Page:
Beyond intragroup betrayal during intergroup relational peacebuilding

Wilhelm Verwoerd, Alistair Little, Brandon Hamber

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This article addresses a neglected human cost of relational peacebuilding, identified in an earlier article on ‘peace as betrayal’. The focus here is how relational peacebuilders can respond to painful accusations of betrayal by family-type group members evoked by working with the ‘other side’. Continuing to draw on the reflections of experienced peace practitioners from South Africa, the Israel-Palestine region and the conflict in and about Northern Ireland, a contrasting distinction is made between two routes: a ‘clarification’ route that explains why working with ‘them’ is not a betrayal of ‘us’ vs a ‘counter-critique’ response that attempts to turn the traitor tables on the accusers. An evaluative discussion of the counter-critique route explores the pitfalls of political abuse, avoidance of shared responsibility and underestimating ‘thin’ relations (Margalit), as well as the complementary potential of the clarification and the counter-critique routes beyond peace as betrayal.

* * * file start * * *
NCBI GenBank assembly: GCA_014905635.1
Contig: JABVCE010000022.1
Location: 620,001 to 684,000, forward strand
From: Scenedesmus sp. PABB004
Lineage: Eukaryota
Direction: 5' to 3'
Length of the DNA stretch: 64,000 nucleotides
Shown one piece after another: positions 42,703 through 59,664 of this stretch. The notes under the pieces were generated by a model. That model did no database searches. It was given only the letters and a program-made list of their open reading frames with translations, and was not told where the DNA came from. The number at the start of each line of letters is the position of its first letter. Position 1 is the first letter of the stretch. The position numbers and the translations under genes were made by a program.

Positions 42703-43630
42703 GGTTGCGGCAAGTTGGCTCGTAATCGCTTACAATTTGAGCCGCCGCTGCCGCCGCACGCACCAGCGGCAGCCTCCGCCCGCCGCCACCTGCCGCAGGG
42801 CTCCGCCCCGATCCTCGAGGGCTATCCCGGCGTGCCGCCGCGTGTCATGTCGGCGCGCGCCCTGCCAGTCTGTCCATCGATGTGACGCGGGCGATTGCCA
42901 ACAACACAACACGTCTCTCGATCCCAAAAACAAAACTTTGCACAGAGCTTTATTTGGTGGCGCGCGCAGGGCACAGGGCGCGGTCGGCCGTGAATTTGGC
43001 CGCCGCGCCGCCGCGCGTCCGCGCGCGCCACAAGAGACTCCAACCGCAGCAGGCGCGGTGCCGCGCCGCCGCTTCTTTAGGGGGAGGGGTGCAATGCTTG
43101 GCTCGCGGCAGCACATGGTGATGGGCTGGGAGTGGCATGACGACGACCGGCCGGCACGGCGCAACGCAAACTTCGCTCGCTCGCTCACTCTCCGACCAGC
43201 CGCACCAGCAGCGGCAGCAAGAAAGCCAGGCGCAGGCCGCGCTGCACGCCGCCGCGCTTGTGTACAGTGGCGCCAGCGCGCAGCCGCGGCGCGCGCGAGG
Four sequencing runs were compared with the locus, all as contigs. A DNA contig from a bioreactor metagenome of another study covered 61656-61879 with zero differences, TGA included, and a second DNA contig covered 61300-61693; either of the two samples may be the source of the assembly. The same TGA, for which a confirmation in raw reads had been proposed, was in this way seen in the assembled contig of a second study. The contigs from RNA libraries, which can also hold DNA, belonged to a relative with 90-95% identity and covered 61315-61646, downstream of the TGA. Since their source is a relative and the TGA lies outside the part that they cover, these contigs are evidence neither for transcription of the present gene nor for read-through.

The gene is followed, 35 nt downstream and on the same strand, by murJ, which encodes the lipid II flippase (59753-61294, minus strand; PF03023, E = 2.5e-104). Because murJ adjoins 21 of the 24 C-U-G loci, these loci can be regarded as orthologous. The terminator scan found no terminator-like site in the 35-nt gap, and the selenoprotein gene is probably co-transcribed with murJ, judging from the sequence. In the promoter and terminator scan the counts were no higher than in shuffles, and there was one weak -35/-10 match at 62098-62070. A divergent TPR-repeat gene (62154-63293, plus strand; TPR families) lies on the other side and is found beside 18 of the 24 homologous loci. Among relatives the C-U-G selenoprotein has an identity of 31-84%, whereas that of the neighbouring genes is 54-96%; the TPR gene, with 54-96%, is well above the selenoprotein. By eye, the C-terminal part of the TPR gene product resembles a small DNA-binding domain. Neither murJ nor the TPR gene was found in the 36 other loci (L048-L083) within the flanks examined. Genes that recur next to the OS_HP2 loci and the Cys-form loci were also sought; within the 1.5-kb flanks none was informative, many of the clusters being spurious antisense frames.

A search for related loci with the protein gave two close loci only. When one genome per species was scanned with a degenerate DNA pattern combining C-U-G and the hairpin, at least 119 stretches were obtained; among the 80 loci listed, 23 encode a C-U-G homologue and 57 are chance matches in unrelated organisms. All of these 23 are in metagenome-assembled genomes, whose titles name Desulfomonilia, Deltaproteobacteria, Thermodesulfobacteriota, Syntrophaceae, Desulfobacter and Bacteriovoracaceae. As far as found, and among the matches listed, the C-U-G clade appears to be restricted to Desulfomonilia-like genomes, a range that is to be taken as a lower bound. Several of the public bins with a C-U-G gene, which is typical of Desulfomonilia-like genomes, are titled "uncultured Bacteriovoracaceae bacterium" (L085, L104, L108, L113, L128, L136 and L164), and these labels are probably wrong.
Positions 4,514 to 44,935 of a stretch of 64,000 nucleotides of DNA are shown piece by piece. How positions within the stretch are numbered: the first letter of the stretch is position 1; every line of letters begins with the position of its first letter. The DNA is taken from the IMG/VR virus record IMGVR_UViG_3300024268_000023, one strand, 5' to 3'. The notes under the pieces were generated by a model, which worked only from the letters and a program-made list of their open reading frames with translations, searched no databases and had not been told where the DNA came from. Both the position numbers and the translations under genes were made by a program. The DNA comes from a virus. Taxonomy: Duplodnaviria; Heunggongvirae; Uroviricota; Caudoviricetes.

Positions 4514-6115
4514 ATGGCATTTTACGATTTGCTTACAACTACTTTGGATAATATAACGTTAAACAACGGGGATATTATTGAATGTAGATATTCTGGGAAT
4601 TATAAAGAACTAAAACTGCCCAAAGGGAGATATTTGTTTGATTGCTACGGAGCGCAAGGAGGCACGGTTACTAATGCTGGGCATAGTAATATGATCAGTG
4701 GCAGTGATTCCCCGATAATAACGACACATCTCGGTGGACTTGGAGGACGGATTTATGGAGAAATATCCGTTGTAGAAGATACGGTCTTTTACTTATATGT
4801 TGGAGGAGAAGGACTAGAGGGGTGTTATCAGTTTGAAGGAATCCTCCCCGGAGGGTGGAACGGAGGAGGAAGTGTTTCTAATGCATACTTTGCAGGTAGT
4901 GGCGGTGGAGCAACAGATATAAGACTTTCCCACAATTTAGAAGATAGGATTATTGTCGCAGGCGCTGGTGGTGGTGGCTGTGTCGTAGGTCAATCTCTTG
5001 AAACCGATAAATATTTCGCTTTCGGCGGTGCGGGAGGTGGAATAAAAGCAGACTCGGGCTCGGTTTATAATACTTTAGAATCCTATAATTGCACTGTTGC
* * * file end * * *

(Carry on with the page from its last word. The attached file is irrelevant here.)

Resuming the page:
Original languageEnglish
Pages (from-to)1-17
Number of pages17
Early online date14 May 2024
Publication statusPublished online - 14 May 2024

Bibliographical note

Publisher Copyright:
© 2024 The Author(s). Published by Informa UK Limited, trading as Taylor & Francis Group.


  • betrayal
  • morality of betrayal
  • intragroup relational peacebuilding
  • reconciliation


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